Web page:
180 Degree Longitude Passes Through Us is one of those series that captivated me from the first episode. It’s smart, it’s sexy, and it’s absolutely wonderful!
Written and directed by Punnasak Sukee it’s honestly one of the most beautiful series I have ever seen.
A slow-sizzling drama, the series is set around Wang (Pond Ponlawit Ketprapakorn), the son of a popular Thai director Sasiwimol (Mam Kathaleeya McIntosh) who, while on a scouting trip for her next project, runs into her best friend from college, In (Nike Nitidon Pomsuwan) who invites the mother and son duo to stay with him at his stunning (and well secluded) home – which In designed himself.
To say Wang and Sasiwimol have a rocky relationship is an understatement. It goes beyond the normal busy mother / angsty teenage son drama of most families. There’s an underline resentment from Wang’s side, that Sasiwimol is well aware of. It’s something In tries (almost immediately) to help him resolve.
Four of the series’ eight episodes have aired so far, and while by this point, most dramas have already added romance and sex into the equation of the character’s relationships, In and Wang are still stoking that fire. While the sexual tension is dripping off Wang’s every thought, the fact that those desires have, as of yet, remained unquenched is one of the greatest strengths of this series.
While so many of the dramas that I have seen put the main characters in ridiculous situations to perpetuate an often unbelievable attraction between them, 180 Degree is genuinely building something truly beautiful. I attribute this to the fact that it’s Sukee’s original story, and while it’s his first official television / film credit (at least per what I can find) the man has been one of Thailand’s most prolific theatre directors for the past thirty years.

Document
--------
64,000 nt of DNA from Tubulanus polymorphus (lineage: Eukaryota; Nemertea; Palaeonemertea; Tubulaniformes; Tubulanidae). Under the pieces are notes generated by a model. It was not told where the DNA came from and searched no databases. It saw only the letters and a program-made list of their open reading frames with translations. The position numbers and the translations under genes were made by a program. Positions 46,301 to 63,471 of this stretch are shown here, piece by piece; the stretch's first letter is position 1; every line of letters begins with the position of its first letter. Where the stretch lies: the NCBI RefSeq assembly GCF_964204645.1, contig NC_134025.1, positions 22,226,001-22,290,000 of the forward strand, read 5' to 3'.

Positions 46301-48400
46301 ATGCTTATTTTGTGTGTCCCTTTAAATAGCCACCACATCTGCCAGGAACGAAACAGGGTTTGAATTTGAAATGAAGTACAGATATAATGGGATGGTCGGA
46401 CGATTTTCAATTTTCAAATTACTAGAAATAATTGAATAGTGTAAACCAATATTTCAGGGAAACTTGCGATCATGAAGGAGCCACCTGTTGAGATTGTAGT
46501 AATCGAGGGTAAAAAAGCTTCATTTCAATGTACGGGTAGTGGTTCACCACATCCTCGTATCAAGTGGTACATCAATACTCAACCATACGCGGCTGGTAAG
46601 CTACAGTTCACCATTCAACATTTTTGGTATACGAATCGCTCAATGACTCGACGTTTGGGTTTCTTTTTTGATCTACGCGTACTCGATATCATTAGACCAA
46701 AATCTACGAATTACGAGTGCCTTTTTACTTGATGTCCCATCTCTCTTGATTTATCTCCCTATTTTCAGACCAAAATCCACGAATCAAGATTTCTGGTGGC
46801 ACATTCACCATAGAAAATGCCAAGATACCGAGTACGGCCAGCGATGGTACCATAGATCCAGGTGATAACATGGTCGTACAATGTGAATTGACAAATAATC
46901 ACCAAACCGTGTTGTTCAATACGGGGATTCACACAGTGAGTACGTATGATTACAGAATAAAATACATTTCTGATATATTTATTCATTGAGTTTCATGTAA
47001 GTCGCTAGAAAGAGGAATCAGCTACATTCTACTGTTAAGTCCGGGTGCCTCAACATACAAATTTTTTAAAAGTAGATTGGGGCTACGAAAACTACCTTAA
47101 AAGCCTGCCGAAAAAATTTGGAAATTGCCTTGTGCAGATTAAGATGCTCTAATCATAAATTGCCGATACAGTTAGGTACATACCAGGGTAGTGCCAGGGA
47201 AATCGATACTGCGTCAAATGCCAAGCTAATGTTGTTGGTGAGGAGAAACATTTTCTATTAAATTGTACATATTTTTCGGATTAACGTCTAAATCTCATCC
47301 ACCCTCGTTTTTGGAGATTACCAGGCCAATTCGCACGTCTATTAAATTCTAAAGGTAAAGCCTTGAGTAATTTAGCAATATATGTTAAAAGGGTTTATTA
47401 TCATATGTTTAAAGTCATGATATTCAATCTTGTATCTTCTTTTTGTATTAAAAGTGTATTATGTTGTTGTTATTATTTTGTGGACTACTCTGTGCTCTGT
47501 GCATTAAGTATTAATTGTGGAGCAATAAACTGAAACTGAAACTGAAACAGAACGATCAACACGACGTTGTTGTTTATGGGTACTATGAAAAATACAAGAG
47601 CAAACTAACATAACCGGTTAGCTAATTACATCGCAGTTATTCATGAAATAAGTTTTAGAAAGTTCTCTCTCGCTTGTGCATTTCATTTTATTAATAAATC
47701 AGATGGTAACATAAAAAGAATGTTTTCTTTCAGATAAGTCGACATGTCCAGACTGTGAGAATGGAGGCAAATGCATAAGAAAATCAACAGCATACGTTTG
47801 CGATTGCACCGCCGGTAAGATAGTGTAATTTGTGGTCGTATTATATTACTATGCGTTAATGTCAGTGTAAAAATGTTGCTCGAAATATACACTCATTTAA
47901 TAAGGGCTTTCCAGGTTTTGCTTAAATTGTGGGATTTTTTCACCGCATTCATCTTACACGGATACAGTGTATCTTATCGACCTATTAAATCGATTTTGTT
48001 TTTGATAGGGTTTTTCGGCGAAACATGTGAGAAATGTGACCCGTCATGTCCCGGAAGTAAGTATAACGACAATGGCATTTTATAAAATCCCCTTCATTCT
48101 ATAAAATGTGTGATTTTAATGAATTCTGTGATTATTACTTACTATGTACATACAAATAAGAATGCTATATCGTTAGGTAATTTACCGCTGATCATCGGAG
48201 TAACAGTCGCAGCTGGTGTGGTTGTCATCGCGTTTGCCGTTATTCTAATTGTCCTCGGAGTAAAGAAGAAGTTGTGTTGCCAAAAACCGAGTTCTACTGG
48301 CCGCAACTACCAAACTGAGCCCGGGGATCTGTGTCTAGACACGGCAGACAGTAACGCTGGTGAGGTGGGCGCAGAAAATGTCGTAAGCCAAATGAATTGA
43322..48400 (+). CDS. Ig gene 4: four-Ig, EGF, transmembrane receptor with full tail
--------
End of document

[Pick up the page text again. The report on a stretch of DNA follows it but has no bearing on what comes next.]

According to his biography on My Drama List Sukee’s directing credits range from classics like Shakespeare’s A Midsummer Night’s Dream to John Cameron Mitchell’s Hedwig and the Angry Inch – so, basically, the man knows his sh*t.
Also, the acting here is superb. With the cinematic feeling (and production value) of 180 Degree Longitude Passes Through Us, it’s easy to forget that most of the series so far has taken place between the three main characters in one location.
While in comparison to his cast mates, the twenty-three-year-old Ketprapakorn may be a relatively new actor, he’s an incredibly talented one. Wang is an intense and interesting character with many complicated layers that Ketprapakorn portrays with honesty and earnestness. His eyes, as intense and deep as the sea pull you in while his innocent smile masks the volatile storm brewing just beneath the surface of Wang’s fragile personality.
Pomsuwan, the chiseled and stoic hero of Wang’s budding desires is truly one of the most beautiful men I have seen. Mysterious, yet kind, In like Wang is a man of many layers. On the exterior, he is a caring teacher, who has devoted himself to helping the villagers who live nearby. But inside, he’s a soft and sensitive man. While Wang’s eyes hold back a building storm, In’s conceal the sadness of a man who has loved deeply – and lost.
McIntosh, perhaps the most complex character of all, is truly a magnificent performer. Sasiwimol is a woman walking a fraying tightrope that at any moment could snap. Her eyes not only hold the same sadness of In’s, they’re also holding back the storm as Wang. There is a secret, one Sasiwimol may or may not know, and McIntosh’s portrayal is so good that, as the audience, you’re constantly wondering if she does or not.
All in all the series is so beautifully done, that I find myself chomping at the bit for the next episode while at the same time not wanting it to end. Rated 13+ 180 Degree Longitude Passes Through Us is produced by Miti Art Media and aires on GMM One on Sundays in Thailand. For international viewers, the series can be streamed on GagaOOLala with new episodes dropping at 12:15 AM (TST) also on Sundays (here in the states).